It would be a great tragedy if a super tax hike came out of a supercommittee compromise deal. It would do great harm to the economy — just as much harm as President Obama’s various tax-hike threats. And on the Republican side, a super tax hike would irreparably split the GOP.
Okay. Here’s the good news. In a CNBC interview this week, I asked supercommittee co-chair Jeb Hensarling about an idea of the Democrats to raise taxes by $600 billion to $800 billion. About $300 billion of that might be up-front, with $500 billion later from some tax-reform overhaul. This would be an unmitigated economic disaster.
But Hensarling was blunt: “Not going to happen, Larry.” He said no such deal has been presented to him. And if it were, he and other Republicans on the supercommittee would not support it.
Hensarling then added, “We put $250 billion of what is known as static revenue on the table, but only if we can bring down rates. We believe we can bring the top individual rate down to 28, 29, maybe at most 30 percent, and bring the corporate rate down to the median of the EU, 25 percent.” For emphasis, he said, “We have gone as far as we feel we can go.”
The Texan was referring to the Sen. Pat Toomey plan, which would lower the personal tax rate to 28 percent and head down from there, while at the same time putting limits on personal deductions (such as mortgage interest) for upper-income taxpayers. In other words, flatten the rates and broaden the base.
Net revenues would go up in this scheme for two reasons: first, the reduction in personal tax breaks; second, the economic-growth impact would be positive. This calls on the research of Harvard professor Martin Feldstein, who urged Congress to trade off lower rates with fewer deductions since the incentive effect of taking home more after-tax income would benefit the economy.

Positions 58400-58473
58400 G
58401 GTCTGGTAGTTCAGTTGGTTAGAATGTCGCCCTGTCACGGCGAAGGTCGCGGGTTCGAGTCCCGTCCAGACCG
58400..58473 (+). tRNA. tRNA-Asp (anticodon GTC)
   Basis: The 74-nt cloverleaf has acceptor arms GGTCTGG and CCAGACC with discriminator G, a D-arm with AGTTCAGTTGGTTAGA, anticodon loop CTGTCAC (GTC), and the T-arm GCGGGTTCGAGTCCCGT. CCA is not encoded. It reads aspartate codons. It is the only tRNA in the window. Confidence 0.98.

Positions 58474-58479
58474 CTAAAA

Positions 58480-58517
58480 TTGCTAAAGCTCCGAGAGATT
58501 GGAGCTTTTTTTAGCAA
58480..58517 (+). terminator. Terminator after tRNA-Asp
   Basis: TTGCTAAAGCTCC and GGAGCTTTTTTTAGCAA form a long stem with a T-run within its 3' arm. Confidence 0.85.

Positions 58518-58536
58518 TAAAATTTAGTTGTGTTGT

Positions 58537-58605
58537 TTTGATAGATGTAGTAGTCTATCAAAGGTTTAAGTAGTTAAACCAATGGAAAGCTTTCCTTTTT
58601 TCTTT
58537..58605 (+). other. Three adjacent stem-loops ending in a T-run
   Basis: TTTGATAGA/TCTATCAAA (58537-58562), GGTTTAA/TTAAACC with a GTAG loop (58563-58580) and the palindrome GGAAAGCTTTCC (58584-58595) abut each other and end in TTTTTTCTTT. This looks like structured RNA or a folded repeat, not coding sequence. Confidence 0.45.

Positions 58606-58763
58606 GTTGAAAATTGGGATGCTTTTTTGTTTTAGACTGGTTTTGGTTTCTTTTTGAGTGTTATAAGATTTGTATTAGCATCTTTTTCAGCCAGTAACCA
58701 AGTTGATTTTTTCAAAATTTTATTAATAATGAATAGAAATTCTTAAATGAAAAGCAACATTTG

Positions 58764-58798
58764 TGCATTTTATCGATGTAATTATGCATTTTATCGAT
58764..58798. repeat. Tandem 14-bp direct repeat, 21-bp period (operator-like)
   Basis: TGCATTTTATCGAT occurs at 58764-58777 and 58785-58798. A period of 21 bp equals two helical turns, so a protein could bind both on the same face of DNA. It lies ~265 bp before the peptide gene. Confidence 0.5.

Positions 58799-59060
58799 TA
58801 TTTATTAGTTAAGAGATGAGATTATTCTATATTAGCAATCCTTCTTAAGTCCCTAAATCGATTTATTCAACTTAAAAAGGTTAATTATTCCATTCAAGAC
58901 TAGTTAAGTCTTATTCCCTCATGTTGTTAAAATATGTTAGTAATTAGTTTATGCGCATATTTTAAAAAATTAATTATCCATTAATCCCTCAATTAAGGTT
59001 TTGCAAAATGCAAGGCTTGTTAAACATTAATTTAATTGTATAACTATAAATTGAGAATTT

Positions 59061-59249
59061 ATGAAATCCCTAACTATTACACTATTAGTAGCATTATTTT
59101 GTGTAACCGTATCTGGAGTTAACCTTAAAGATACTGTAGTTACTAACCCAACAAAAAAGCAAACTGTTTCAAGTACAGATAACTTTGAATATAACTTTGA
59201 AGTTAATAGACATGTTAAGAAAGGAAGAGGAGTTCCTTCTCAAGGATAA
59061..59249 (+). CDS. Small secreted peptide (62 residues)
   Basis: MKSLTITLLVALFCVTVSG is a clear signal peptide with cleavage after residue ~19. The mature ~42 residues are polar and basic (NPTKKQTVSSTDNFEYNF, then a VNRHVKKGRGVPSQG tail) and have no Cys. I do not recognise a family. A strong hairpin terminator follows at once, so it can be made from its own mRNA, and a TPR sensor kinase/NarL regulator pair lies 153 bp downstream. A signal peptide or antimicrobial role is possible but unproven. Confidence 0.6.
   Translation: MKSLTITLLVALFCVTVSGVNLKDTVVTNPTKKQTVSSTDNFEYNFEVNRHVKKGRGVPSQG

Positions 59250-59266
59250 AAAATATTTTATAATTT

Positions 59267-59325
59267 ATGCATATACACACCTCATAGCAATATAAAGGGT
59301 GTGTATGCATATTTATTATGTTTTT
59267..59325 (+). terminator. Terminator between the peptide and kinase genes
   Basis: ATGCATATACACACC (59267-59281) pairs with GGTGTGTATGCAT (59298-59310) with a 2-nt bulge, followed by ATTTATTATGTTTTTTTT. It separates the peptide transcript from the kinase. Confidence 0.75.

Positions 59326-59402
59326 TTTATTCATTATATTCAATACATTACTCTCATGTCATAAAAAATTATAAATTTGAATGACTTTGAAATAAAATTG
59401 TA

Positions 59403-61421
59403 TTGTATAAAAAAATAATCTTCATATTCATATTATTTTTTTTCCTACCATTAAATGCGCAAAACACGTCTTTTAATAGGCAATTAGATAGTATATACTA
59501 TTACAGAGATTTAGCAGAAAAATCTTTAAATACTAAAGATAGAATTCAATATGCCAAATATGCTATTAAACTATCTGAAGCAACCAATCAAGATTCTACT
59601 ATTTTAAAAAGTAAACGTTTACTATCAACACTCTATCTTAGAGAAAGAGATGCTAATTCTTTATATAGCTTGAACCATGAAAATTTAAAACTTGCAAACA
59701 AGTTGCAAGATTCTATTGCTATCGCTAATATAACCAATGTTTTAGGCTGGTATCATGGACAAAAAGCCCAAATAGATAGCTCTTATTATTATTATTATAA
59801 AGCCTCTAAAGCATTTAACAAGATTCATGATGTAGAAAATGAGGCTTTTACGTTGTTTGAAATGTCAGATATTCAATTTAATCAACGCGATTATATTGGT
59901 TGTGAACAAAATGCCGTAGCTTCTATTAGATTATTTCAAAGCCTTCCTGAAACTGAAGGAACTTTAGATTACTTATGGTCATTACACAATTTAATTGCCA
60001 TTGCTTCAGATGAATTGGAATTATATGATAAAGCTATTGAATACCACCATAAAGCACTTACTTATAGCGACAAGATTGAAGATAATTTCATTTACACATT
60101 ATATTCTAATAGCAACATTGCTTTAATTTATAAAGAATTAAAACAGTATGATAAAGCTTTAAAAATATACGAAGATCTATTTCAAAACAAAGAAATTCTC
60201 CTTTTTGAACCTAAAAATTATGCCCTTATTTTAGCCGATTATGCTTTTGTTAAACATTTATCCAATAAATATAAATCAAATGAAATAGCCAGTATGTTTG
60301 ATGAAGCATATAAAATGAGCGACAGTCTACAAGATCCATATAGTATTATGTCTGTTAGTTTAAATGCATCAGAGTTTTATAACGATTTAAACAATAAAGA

Trouble is, Democrats don’t buy into it — at least not yet. Senate supercommittee members Patty Murray and John Kerry have opposed real tax reform. And it has been reported that House supercommittee member Xavier Becerra opposes it (although Chris van Hollen might be looking at it).
But the whole trouble with the machinations of the two sides in this deficit-cutting episode is that the closer you get to the November 23 deadline, the more compromises are made. Democrats are pulling hard for higher tax rates, which would damage the economy, while Republicans are making no progress getting any meaningful health-care entitlement reform.